FGM/C and Empowerment as Predictors of Intimate Partner Violence among Women in Kenya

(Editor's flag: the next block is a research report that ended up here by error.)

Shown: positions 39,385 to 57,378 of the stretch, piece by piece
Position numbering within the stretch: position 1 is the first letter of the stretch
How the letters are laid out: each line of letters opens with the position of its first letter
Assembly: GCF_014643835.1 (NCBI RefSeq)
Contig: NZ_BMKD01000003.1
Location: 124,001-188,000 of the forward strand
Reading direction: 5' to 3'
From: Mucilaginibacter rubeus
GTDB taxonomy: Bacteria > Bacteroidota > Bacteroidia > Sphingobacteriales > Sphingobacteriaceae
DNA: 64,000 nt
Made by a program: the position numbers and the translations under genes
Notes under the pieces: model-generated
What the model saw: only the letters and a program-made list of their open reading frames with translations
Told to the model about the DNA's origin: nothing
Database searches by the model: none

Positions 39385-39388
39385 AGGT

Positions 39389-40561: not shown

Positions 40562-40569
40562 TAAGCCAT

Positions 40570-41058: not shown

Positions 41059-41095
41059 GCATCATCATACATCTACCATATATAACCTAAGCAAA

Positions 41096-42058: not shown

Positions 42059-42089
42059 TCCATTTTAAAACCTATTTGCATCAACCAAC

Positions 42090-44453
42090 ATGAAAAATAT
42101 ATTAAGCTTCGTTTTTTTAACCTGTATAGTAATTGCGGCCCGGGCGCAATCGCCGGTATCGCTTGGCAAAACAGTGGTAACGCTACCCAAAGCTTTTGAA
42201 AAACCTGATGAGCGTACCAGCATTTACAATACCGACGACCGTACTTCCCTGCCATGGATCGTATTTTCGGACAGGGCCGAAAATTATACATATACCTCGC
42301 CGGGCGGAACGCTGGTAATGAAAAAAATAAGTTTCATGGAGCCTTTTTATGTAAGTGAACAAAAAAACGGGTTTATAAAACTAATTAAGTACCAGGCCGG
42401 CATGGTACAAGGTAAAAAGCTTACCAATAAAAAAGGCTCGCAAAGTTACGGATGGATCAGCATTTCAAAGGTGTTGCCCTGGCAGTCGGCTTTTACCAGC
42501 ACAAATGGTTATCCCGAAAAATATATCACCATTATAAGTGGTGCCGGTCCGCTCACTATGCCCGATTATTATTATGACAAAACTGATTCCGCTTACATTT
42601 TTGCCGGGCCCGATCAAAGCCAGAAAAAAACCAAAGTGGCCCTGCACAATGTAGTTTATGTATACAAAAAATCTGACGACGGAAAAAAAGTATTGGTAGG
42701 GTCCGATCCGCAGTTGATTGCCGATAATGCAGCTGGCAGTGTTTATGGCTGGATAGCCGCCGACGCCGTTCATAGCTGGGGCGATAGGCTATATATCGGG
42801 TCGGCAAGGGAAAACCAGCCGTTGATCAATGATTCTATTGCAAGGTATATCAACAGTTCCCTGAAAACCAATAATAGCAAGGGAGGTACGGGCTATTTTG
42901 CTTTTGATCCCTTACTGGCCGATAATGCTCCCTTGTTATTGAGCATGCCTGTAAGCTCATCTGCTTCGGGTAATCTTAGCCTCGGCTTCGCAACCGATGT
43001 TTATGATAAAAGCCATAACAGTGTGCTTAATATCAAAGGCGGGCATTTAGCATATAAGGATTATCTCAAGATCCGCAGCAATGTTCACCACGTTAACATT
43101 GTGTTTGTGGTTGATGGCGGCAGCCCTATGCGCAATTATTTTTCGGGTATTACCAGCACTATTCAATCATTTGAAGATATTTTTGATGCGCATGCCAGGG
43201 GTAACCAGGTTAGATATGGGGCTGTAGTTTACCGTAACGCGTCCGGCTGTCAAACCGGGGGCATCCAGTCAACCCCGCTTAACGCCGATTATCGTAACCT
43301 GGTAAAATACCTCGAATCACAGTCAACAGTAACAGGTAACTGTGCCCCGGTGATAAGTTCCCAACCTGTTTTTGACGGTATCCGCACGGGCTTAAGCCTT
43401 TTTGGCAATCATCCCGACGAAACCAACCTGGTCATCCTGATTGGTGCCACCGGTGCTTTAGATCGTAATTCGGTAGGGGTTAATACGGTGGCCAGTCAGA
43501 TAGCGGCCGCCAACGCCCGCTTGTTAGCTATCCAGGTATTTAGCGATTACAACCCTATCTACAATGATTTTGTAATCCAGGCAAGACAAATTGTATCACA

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The objective of this study is to determine if female genital mutilation and cutting (FGM/C) is associated with intimate partner violence (IPV) (of all subtypes: emotional, physical and sexual). This study used secondary data from the Kenyan Demographic Health Survey (KDHS) of 2014. A total of 5,672 participants who responded to both the domestic violence questionnaire within the 2014 KDHS (women and girls aged 15-49) were included in this study. A binary logistic regression was used to measure variance of IPV status among the study sample. The outcome of interest was IPV, with FGM/C women at slightly higher odds of IPV recording an odds ratio of 1.27. Of the socio-demographic predictors, having the highest education level were found protective against IPV, reducing IPV odds by .54, compared to wealth which was not significant in the final model. Women who made decisions about their own health care and household purchases dully with her husband/partners were .66 and .79 times (respectfully) less likely to experience IPV than those who do not. Empowerment variables were the most protective against IPV, and therefore programs that are already linked to the elimination of FGM/C could dually target IPV in the effort to improve women’s health and status across Kenya.